Black Mask: Year of the Villain provides a tutorial on this lesser known Batman villain for any readers looking to understand his appeal (or how he may factor into “Year of the Villain”). It’s a story with multiple modes, each delivering something slightly different in both effects and quality. There’s the tragic origin, the modern madman, and a brief detour with the heroes seeking to stop him. It’s the middle part of those three that delivers the biggest thrills and best moments, but there’s no single part of this issue that is without merit, largely due to artist Cully Hamner’s macabre depiction of Roman Sionis’ childhood and his modern exploits as Black Mask. While the overall effort may be uneven, it certainly delivers more good than bad in a one-shot brimming with evil intent.
The first section of the comic reestablishes Roman’s childhood traumas and villainous origin. While this raises themes of superficiality, it ironically engages in a superficial skimming of Roman’s own story. There’s little to the young boy who will soon choose the face of a monster. He delivers a monologue about the importance of appearance and his own obsession with crafting a perfect exterior, but the content is somewhat generic. The same could be applied to the familial arrangement of an abusive father and neglectful mother presented in the broadest of strokes. It’s unclear whether Roman is a sociopath cultivating his modus operandi or a victim internalizing hatred. Even with that somewhat bland retelling, the look of Roman’s scowl and final moments of his parent’s lives are depicted in a frightening fashion, one that makes it clear this story has a great deal of potential whether or not it’s fully realized.
Once the story leaps forward to modern DC Comics’ continuity, Black Mask becomes a better defined character, albeit one with a total absence where a conscience ought to be. He projects the feeling of Mr. Blonde in Reservoir Dogs, a strangely charming criminal with no ethics to speak of. His conversation with a single surviving hostage walks a line between fascinating and chilling, building tension as readers are tempted to chuckle before anything too terrible happens. Hamner’s conception of the actual mask is perfectly designed. Sharp lines manage to make this absurd carving of a parent’s costume seem almost charming. A strong jawline and sharp cheekbones form a strange facsimile of forced beauty, something sleek and well-crafted, yet entirely inhuman (or, perhaps, inhumane).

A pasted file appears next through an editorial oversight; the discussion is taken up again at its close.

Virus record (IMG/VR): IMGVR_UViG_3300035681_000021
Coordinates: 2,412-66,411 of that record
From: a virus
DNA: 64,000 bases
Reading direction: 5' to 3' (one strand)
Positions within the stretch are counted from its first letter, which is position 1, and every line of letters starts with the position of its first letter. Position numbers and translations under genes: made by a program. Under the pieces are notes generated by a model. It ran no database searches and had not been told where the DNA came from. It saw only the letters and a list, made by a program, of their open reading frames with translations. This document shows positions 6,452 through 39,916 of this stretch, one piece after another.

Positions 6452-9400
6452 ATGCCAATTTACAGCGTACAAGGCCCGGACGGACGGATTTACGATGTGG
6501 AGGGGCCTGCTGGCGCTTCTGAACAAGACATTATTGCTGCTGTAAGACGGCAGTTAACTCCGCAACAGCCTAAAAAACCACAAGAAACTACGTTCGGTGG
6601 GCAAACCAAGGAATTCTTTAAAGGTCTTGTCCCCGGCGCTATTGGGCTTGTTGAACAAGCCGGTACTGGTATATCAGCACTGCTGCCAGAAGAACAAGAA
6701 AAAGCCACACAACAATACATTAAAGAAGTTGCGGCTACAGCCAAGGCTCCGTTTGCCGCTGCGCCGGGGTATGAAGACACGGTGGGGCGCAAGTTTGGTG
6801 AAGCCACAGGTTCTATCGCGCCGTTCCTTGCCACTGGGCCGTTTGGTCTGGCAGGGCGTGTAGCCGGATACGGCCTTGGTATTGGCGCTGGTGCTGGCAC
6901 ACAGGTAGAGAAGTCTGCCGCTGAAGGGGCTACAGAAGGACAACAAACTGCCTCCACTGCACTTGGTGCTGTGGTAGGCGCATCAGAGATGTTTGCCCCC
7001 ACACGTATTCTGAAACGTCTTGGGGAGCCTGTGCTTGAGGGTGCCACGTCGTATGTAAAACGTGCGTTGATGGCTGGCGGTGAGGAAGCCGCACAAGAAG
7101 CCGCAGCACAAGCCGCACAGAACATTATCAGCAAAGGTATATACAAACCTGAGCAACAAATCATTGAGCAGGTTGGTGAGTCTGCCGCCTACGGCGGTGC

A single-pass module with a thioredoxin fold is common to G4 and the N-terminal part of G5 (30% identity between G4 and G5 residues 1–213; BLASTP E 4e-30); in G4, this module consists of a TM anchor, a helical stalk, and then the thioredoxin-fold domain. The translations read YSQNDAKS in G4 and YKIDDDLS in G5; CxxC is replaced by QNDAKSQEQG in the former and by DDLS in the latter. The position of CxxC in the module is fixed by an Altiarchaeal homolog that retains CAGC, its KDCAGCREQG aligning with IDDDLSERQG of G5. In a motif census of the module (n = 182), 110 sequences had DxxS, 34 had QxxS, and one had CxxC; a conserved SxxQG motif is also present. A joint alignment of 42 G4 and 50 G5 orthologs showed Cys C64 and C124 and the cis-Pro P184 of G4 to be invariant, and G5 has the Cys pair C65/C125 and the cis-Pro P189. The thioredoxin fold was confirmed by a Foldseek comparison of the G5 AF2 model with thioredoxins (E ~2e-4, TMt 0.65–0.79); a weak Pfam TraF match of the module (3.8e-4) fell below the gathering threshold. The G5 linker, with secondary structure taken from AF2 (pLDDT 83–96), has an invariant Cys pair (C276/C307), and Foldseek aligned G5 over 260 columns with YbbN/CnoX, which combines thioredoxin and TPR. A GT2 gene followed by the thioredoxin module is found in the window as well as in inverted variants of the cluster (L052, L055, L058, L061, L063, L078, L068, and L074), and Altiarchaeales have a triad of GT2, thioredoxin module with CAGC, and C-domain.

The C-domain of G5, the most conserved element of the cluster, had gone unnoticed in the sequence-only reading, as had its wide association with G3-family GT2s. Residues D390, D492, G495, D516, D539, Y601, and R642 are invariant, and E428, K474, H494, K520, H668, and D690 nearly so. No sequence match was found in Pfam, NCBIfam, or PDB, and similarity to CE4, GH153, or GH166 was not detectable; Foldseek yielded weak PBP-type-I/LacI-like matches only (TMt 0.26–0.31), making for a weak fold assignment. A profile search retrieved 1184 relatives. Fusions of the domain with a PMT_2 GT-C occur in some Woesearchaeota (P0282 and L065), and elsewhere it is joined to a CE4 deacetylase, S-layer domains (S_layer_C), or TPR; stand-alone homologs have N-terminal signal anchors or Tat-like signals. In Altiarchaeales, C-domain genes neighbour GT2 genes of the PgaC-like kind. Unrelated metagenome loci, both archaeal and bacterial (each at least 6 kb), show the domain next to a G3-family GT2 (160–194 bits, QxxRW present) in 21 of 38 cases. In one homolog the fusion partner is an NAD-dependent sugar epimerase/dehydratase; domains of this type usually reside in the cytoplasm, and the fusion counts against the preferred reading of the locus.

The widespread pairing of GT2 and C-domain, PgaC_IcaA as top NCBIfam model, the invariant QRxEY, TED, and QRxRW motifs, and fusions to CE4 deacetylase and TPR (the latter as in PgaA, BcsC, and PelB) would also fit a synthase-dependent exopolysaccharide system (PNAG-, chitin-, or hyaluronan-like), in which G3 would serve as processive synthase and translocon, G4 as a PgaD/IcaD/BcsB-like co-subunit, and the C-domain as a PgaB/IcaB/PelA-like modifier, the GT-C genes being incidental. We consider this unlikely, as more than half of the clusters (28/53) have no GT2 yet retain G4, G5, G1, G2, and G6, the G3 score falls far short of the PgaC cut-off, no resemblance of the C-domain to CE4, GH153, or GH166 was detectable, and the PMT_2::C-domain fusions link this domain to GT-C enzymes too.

The inclusion of several familiar heroes from the Batman mythos help to shape a new style of operation for Black Mask, one enhanced with superpowers that fit the character very well. Unlike the origin story, changes to identity here seem more significant. They point to how wealth allows some people to define their way out of trouble, developing new careers and selves no matter what they have done in the past. Black Mask moves from a bank robber to a boogeyman of the elite—a concept that should bear more fruit in the future. Hamner develops this image wonderfully as he calls back to Sionis’ eyes on multiple occasions, reminding readers that no matter how much one might change their appearance, it’s what lies beneath that really makes a man (something Roman clearly never understood).
Black Mask: Year of the Villain makes a case for why Black Mask ought to be a more memorable villain (no matter which heroes he might fight) and adds a thematically potent new element to his style that opens many future doors. While the story of this one issue is fractured, individual elements and a gripping robbery sequence provide more than enough quality to balance any surrounding mediocrity. This may not be the best Black Mask story, but it’s one that generally exceeds expectations and gets more right than it does wrong. With more space and time, there’s a possibility that Black Mask could become as iconic as Hamner’s depiction of his vicious facade.
Published by DC Comics
On August 21, 2019
Written by Tom Taylor
Art by Cully Hamner
Colors by Dave Stewart0comments
Letters by Wes Abbott
Cover by Mitch Gerads